Law Society saddened at death of Eastern Cape legal practitioner, Gordon Pope

December 4th, 2019

King William’s Town legal practitioner and legal education instructor, Gordon Pope, passed away on 24 October at the age of 53.

By Nomfundo Jele

The Law Society of South Africa (LSSA) issued a press release on the untimely passing of King William’s Town legal practitioner and legal education instructor, Gordon Pope, on 24 October at the age of 53.

The LSSA said that it was saddened by the passing and said that Mr Pope’s passion was the legal profession and from the start he was involved with the Cape Law Society and the King William’s Town Attorney’s Association. At the time of his passing, he was serving as a member of the newly formed Legal Practice Council.

‘As we acknowledge Mr Pope’s contribution to the profession, we also acknowledge the immense loss to his firm, clients, and mostly to his family. We extend the condolences of the attorneys’ profession to his wife Helen Pope, and his children Emma and Jack,’ said LSSA President, Mvuzo Notyesi.

Mr Pope was born in Cape Town on 13 February 1966. He attended a local primary school and then spent his high school years as a boarder at Grey High School in Port Elizbeth where he matriculated in 1983. As was the custom for young men at the time, Mr Pope had to do two years military service. He attained the rank of corporal.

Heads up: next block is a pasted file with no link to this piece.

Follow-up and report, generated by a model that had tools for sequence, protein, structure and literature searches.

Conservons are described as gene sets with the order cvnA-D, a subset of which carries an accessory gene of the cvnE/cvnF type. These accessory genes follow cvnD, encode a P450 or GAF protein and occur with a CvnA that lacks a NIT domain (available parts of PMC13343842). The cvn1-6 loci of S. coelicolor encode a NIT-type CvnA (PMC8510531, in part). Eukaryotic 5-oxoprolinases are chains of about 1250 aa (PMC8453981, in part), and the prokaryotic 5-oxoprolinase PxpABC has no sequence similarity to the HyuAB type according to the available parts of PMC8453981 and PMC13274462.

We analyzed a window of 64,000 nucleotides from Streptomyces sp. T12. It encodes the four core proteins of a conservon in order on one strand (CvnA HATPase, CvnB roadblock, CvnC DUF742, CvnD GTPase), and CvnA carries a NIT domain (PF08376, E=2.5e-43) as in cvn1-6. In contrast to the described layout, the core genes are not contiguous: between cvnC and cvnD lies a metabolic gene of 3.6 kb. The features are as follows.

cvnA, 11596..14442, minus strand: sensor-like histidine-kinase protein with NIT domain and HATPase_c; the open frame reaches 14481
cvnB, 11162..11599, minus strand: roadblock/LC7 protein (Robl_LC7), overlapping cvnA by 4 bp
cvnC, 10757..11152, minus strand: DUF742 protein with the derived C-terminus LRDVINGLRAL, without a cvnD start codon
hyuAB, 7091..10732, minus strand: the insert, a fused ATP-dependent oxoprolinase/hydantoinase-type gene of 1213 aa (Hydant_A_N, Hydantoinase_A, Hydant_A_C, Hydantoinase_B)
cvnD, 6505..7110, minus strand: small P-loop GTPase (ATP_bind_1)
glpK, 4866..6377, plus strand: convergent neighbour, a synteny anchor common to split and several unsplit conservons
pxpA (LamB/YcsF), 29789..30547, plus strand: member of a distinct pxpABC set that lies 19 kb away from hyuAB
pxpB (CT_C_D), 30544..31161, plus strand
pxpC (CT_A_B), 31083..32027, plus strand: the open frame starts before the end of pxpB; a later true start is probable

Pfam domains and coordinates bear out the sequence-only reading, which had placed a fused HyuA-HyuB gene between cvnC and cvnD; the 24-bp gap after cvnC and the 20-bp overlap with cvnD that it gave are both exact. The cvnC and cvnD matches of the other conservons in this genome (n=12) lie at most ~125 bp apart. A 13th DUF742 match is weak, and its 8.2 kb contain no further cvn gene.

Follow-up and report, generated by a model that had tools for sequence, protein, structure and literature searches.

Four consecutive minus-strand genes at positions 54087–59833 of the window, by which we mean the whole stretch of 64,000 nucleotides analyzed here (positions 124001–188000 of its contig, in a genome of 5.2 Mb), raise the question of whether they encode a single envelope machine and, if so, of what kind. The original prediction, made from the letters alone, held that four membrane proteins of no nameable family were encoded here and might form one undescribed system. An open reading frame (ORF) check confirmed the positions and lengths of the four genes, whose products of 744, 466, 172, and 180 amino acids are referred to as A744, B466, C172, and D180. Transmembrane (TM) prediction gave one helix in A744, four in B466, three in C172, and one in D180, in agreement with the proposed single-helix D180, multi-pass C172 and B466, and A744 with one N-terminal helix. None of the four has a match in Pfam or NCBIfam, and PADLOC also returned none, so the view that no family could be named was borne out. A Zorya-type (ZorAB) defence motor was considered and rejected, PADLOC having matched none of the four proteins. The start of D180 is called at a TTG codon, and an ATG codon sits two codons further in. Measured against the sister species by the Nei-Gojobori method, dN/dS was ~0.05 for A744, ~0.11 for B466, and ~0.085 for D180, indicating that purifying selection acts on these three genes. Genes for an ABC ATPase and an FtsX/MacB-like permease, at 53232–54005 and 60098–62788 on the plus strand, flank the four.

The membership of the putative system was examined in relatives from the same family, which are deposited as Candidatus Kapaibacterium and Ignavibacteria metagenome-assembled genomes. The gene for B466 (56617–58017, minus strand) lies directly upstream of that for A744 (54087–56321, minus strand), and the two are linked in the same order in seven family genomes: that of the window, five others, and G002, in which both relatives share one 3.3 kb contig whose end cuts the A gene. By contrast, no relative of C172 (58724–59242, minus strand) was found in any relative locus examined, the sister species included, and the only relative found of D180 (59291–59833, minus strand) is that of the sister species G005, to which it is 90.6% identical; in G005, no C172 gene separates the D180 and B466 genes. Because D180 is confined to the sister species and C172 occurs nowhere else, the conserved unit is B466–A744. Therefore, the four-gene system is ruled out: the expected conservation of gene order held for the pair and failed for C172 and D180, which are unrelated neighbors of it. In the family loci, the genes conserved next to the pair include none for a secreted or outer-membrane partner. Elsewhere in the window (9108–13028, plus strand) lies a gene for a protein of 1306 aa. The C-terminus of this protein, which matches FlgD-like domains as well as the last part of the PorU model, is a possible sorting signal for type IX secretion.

Mr Pope attained his BA degree in 1988 and his LLB in 1991. He served his articles at Barnes and Ross (now Smith Tabata) in King William’s Town and was admitted as an attorney in March 1994. After 16 years with Smith Tabata, Mr Pope started his own law practice in 2009 and Pope Attorneys celebrated their tenth anniversary in June this year.

For the last number of years Mr Pope lectured at the University of Fort Hare and was an instructor at the LSSA Schools for Legal Education since 2005. He had a passion to teach candidate legal practitioners and was a strong advocate for the Schools for Legal Practice.

Mr Pope believed in skills development in the younger generation of legal practitioners and put these beliefs into action via his presenting of vocational training to others. He set an example to fellow legal practitioners and remained faithful to these beliefs until the very end. In this way he contributed to access of the public to quality legal services.

Mr Pope suffered from a stroke while training and imparting knowledge to others. The legal profession salutes him.

Nomfundo Jele, Acting Communications Manager, Law Society of South Africa,